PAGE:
Running out of burial plots in Pendeen
Running out of burial plots in Pendeen is part of a Cornwall and UK problem and the solutions are not easy to find or fund, as I have discovered!
Death is not a subject any of us are keen to discuss. Many of us do not even discuss with our nearest and dearest what funeral arrangements we would prefer. Whilst many people are now cremated, some people and families prefer to be buried for all sorts of reasons. I know because it was a strong wish of my mother associating cremation with ‘burning in hell’.
When I was contacted recently by the Chair of Pendeen Parochial Church Council (PCC) and told that there were only 8 burial places left, I decided to do some research. The first thing I discovered was that neither Councils nor Churches have any statutory duty (or obligations) to provide places for people to be buried. The only exception is if someone dies destitute but has left a very clear wish against cremation then the local Authority must bury the person although they are under no obligation to follow wishes on location.
The second thing I discovered is that the Church of England, Nationally, has taken the decision not to provide any new burial grounds or new additions to current cemeteries. I thought the cavalry might be arriving when this very topic (Cemetery Capacity for Cornwall) appeared on the agenda of a Council Committee I was due to attend. I have provided links to the papers before that meeting and you will discover that the options are not easy to take forward and, as money is involved, all will likely want it to be someone else that takes the lead!
So, what’s to be done? I have met with members of the local PCC and Pendeen Cemeteries committee and Cornwall’s Bereavement Services Manager. We have pondered land that is in local church ownership or control or owned by Cornwall Council but with most of the land we talked about, ownership was not clear cut, in as far as deeds being available. So, some research is going on.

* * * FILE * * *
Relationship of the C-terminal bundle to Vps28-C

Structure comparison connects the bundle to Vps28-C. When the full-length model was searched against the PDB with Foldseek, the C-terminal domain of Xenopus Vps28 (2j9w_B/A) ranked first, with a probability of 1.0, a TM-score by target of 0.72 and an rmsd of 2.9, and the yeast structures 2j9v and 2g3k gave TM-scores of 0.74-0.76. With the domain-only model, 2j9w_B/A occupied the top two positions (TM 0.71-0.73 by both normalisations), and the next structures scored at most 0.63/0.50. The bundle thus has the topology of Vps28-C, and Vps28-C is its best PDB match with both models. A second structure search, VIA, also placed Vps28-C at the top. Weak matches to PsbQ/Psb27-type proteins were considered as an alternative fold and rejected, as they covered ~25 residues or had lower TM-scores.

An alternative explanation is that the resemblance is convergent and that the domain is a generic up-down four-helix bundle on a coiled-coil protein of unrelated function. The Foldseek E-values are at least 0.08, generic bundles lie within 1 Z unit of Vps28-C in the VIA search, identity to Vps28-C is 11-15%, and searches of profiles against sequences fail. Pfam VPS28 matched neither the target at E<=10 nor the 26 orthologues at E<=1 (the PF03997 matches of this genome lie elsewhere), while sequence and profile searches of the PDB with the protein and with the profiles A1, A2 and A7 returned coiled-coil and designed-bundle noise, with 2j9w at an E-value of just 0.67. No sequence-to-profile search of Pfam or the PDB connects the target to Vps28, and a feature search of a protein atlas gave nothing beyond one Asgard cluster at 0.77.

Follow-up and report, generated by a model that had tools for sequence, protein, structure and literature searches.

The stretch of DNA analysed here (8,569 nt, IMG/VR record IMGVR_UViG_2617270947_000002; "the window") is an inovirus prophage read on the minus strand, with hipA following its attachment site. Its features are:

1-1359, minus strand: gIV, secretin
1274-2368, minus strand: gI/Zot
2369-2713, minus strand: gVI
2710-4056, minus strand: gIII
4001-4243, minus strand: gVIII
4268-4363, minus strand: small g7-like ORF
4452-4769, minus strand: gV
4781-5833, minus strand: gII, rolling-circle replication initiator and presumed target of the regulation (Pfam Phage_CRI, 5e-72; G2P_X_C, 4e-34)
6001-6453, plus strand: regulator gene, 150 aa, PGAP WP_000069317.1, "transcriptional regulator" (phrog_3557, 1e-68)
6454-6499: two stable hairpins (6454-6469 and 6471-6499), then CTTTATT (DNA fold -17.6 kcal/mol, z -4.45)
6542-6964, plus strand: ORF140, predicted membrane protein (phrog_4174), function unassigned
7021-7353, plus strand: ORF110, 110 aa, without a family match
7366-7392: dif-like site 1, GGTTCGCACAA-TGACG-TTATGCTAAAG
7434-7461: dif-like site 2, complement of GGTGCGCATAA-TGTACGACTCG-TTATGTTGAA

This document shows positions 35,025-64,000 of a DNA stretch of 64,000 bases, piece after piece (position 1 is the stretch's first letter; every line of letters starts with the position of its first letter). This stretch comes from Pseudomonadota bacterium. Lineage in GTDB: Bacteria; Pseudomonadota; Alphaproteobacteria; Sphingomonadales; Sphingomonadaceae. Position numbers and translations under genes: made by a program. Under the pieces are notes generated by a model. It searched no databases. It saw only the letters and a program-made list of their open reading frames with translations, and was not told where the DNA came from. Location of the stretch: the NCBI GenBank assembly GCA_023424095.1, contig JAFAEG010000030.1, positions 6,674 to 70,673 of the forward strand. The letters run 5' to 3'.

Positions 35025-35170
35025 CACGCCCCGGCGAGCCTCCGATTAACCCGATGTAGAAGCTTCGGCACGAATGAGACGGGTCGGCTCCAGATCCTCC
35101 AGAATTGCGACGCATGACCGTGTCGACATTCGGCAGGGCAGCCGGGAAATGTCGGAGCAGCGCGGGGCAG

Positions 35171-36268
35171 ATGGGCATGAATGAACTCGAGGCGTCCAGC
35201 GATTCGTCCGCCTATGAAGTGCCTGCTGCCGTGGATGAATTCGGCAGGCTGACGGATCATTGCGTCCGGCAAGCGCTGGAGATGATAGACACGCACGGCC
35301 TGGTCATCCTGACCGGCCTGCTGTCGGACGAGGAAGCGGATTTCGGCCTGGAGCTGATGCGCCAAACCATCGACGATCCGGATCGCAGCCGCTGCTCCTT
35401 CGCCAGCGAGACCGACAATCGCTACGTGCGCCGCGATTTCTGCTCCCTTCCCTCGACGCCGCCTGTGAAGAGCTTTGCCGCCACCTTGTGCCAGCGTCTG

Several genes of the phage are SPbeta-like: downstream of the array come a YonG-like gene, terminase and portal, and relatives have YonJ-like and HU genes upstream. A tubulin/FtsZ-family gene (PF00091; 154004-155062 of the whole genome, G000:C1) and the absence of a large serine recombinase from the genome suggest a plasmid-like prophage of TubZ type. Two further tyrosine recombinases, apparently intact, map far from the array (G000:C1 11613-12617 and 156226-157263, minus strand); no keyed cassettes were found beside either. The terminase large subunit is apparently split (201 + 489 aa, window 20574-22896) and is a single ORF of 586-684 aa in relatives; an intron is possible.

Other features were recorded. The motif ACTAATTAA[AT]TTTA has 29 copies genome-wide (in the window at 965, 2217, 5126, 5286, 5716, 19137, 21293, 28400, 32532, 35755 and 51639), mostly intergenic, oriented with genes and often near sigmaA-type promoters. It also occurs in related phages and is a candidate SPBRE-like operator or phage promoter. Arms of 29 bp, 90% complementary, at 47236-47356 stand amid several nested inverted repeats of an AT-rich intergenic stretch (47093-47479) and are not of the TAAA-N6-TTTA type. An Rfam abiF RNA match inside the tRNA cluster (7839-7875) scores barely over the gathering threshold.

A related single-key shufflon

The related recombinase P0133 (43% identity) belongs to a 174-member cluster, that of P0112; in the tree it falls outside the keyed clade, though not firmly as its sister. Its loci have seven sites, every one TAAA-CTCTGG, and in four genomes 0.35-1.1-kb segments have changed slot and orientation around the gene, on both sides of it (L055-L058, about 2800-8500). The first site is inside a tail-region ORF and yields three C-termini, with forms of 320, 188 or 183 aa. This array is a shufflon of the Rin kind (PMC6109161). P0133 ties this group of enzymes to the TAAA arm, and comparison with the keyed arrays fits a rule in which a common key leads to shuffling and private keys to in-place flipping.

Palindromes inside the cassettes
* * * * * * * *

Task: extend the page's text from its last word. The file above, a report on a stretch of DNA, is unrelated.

At the meeting I learnt that even if tomorrow we found a piece of land we thought appropriate and FREE then the Environment Agency would have to be paid to carry out tests and these take at least 6 months (possibly 12) as they have to check and sample at different times of the year. I have yet to discover the charge. It therefore seems to me that if the people of Pendeen want to have a local burial facility then we probably need to start testing 2 areas of land, in the hope that at least 1 will be suitable.
I suppose I have hit the key question that needs answering before embarking on work that takes time and money (but no-one is offering money yet): how strongly do people living in Pendeen feel about being buried in Pendeen? Hopefully you will let me know by emailing me, writing to me or coming to see me at my next drop-in surgery (see home page for details).